Clearly, more research using well-designed studies with prospective data collection is needed. Moreover, the impact of other RRT strategies such as intermittent hemodialysis and sustained low-efficiency daily dialysis needs our urgent attention. In the meantime, for patients undergoing CRRT, optimizing antibiotic therapy is as essential as in other patients. Though rarely suggested in CRRT, prolonged and extended infusion may be sufficient to overcome underdosing in many. In difficult cases, TDM - when available - could be a solution, although many questions surrounding the application of TDM remain unanswered. Most importantly, it is not clear what PK/PD target should be aimed for to treat infections during critical illness, but TDM could at least detect the extremes of concentrations and allow dose adaptation in case of severe under- and overdosing.
Continuous renal replacement therapy
Minimum inhibitory concentration
Renal replacement therapy
Therapeutic drug monitoring.
Beumier M, Casu GS, Hites M, Seyler L, Cotton F, Vincent JL, Jacobs F, Taccone FS: Beta-lactam antibiotic concentrations during continuous renal replacement therapy. Crit Care 2014, 18: R105. 10.1186/cc13886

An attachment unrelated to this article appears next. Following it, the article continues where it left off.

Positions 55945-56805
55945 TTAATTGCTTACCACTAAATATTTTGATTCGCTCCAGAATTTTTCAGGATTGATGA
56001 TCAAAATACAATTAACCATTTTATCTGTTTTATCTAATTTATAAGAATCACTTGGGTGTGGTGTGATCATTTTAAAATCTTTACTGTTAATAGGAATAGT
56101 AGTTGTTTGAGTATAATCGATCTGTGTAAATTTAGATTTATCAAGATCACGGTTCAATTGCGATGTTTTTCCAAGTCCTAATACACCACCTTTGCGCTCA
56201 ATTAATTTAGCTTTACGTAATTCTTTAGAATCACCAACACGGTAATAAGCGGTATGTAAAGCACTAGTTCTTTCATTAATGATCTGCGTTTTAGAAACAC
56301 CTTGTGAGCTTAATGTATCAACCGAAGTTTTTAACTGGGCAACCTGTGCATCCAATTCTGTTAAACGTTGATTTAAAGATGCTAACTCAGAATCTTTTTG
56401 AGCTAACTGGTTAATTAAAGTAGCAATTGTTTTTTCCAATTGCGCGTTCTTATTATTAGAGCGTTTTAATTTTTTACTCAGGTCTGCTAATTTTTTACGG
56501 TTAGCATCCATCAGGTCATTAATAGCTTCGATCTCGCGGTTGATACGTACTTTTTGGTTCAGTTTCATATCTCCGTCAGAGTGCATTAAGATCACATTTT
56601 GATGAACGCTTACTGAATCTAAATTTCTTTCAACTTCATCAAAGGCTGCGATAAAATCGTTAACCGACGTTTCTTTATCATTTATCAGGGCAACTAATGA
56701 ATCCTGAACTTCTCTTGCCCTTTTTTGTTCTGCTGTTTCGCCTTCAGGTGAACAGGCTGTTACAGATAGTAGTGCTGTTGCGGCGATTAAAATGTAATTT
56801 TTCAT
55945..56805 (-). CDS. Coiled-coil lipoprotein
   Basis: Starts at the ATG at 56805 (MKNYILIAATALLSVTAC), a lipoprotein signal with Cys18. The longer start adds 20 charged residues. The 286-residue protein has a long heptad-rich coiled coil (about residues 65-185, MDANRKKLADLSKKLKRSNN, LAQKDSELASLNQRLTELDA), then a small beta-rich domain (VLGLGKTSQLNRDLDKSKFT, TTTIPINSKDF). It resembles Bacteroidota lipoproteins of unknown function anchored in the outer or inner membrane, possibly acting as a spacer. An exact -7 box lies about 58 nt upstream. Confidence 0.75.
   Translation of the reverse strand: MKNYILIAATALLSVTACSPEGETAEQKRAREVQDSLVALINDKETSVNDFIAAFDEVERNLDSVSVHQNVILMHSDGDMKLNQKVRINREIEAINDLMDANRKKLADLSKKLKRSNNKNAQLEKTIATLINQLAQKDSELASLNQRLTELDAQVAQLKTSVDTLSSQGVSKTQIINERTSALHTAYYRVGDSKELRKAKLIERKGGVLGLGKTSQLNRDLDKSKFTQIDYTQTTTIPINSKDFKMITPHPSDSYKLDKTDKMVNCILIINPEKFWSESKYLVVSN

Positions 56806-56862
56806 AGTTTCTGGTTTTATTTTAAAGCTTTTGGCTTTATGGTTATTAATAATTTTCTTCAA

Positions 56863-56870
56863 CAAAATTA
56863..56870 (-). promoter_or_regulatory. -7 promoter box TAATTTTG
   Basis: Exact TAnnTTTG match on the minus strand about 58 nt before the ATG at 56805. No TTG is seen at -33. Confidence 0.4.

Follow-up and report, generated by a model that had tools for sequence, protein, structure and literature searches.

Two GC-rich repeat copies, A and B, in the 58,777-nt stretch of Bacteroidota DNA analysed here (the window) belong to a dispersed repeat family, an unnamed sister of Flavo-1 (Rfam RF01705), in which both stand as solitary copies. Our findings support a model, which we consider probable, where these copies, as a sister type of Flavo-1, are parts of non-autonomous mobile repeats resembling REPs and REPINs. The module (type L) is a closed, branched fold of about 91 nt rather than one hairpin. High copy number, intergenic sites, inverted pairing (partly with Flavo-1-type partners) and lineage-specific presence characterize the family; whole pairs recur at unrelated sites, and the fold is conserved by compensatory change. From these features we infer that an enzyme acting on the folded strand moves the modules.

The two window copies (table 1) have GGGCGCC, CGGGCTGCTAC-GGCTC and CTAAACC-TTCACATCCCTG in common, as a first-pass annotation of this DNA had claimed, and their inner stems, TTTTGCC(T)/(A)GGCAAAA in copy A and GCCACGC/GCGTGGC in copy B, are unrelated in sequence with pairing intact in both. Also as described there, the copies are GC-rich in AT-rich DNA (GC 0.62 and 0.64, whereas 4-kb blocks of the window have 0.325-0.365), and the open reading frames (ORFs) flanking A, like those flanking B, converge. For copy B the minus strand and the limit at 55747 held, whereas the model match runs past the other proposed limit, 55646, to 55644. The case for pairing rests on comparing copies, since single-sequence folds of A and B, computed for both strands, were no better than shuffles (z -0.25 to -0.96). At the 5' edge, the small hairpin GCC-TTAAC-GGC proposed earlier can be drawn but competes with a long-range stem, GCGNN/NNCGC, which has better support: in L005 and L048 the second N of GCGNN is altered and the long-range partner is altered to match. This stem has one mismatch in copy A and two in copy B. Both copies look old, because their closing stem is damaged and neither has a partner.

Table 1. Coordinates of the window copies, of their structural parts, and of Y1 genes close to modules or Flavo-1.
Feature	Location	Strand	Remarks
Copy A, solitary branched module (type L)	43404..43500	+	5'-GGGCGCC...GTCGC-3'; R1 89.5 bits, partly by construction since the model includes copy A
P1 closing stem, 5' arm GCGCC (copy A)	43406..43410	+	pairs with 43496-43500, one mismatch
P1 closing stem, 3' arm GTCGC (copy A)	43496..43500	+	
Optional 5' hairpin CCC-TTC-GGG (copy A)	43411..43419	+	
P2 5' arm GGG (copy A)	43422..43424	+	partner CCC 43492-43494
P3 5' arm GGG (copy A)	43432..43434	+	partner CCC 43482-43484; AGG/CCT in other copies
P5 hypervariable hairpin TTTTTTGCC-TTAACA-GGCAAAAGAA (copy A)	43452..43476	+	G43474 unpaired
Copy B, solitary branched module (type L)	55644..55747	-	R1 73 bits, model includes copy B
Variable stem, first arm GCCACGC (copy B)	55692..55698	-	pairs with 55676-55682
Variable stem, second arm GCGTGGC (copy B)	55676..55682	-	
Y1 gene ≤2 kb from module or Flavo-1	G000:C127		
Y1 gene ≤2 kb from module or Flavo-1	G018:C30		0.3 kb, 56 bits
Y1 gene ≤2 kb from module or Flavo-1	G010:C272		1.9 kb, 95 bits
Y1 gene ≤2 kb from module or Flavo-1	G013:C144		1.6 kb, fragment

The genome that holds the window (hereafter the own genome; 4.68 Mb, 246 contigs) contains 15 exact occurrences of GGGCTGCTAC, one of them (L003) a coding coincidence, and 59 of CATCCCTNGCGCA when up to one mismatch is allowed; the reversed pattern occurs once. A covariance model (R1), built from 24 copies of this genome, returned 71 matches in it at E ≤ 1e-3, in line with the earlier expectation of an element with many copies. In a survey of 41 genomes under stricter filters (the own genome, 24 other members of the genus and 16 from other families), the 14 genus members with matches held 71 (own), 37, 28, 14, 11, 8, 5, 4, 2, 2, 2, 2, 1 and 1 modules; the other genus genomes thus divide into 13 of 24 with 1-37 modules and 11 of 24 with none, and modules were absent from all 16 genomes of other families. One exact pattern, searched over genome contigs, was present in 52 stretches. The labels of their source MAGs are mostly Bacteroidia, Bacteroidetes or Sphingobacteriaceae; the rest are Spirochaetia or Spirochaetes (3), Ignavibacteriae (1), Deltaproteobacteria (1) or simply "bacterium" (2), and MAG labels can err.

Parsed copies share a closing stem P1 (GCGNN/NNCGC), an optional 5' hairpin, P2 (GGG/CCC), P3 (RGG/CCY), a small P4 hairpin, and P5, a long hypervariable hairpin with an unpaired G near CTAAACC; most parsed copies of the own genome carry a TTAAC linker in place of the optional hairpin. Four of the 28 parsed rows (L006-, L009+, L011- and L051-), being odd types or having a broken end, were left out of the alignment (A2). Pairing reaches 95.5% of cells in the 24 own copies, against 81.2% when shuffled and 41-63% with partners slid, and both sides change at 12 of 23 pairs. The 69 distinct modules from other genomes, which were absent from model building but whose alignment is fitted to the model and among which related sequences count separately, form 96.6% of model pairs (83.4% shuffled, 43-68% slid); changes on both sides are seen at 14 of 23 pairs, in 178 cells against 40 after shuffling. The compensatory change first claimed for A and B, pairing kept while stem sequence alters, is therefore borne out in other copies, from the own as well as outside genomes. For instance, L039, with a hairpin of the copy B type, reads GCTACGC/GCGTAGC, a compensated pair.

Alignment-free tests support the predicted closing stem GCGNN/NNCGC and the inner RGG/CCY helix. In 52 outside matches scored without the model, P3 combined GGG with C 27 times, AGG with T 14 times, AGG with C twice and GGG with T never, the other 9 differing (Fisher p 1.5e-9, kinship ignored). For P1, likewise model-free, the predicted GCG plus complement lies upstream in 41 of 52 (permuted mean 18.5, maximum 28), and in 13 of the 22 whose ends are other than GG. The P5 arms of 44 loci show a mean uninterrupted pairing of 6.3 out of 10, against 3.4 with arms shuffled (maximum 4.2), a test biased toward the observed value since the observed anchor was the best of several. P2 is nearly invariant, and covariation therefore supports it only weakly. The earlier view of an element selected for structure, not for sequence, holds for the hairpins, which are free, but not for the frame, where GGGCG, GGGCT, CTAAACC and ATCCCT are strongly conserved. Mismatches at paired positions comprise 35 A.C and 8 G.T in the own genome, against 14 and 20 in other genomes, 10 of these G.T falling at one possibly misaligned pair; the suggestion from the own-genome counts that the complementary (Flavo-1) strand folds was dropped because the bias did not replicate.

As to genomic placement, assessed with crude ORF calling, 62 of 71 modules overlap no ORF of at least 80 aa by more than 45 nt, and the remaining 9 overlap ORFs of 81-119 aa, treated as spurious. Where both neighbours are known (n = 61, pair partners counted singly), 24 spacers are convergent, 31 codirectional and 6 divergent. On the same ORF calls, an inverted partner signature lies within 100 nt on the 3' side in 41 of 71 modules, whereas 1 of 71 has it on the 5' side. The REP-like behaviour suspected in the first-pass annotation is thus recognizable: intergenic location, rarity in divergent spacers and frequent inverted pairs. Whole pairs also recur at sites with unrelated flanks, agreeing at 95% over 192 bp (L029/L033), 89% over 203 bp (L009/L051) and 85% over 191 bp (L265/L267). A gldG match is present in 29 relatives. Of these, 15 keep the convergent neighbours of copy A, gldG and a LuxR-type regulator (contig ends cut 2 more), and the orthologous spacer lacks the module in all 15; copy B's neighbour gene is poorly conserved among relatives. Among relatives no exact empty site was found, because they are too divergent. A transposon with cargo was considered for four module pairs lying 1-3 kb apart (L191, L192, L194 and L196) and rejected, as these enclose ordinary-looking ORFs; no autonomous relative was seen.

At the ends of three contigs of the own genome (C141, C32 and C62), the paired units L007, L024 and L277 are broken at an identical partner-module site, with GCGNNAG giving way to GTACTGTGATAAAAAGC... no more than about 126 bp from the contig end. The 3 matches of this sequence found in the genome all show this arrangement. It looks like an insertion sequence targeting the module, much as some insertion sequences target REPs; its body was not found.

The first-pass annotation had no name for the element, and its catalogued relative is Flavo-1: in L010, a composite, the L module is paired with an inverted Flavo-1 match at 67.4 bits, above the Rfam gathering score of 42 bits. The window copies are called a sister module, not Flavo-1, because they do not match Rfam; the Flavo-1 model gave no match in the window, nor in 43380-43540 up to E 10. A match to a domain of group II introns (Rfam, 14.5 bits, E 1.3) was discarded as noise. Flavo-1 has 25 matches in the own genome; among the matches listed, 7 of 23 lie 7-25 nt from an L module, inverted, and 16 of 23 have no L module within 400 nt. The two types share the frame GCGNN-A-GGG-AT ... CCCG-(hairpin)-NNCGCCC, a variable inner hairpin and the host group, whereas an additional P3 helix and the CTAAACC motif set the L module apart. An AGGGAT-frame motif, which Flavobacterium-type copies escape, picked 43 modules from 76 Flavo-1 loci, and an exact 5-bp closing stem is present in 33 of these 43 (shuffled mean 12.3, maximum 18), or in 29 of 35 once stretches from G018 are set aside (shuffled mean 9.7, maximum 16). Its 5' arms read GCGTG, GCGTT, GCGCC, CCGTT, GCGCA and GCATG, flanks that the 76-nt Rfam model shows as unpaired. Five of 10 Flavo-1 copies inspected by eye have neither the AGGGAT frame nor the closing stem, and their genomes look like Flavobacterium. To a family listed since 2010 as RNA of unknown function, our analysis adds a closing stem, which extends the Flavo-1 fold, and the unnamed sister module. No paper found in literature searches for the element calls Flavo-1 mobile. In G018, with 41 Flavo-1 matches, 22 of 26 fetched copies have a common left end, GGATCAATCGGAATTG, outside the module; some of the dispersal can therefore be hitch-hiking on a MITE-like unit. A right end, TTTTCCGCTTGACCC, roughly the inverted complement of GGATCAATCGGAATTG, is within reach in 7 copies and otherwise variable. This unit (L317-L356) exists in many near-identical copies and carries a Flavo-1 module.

Roberts JA, Paul SK, Akova M, Bassetti M, De Waele JJ, Dimopoulos G, Kaukonen KM, Koulenti D, Martin C, Montravers P, Rello J, Rhodes A, Starr T, Wallis SC, Lipman J: DALI: Defining Antibiotic Levels in Intensive care unit patients: are current beta-lactam antibiotic doses sufficient for critically ill patients? Clin Infect Dis 2014, 58: 1072-1083. 10.1093/cid/ciu027
Seyler L, Cotton F, Taccone FS, De Backer D, Macours P, Vincent JL, Jacobs F: Recommended beta-lactam regimens are inadequate in septic patients treated with continuous renal replacement therapy. Crit Care 2011, 15: R137. 10.1186/cc10257
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MC is funded by the Research Foundation Flanders.
The authors declare that they have no competing interests.
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De Waele, J.J., Carlier, M. Beta-lactam antibiotic dosing during continuous renal replacement therapy: how can we optimize therapy?. Crit Care 18, 158 (2014) doi:10.1186/cc13945
- Renal Replacement Therapy
- Therapeutic Drug Monitoring
- Continuous Renal Replacement Therapy
- Intermittent Infusion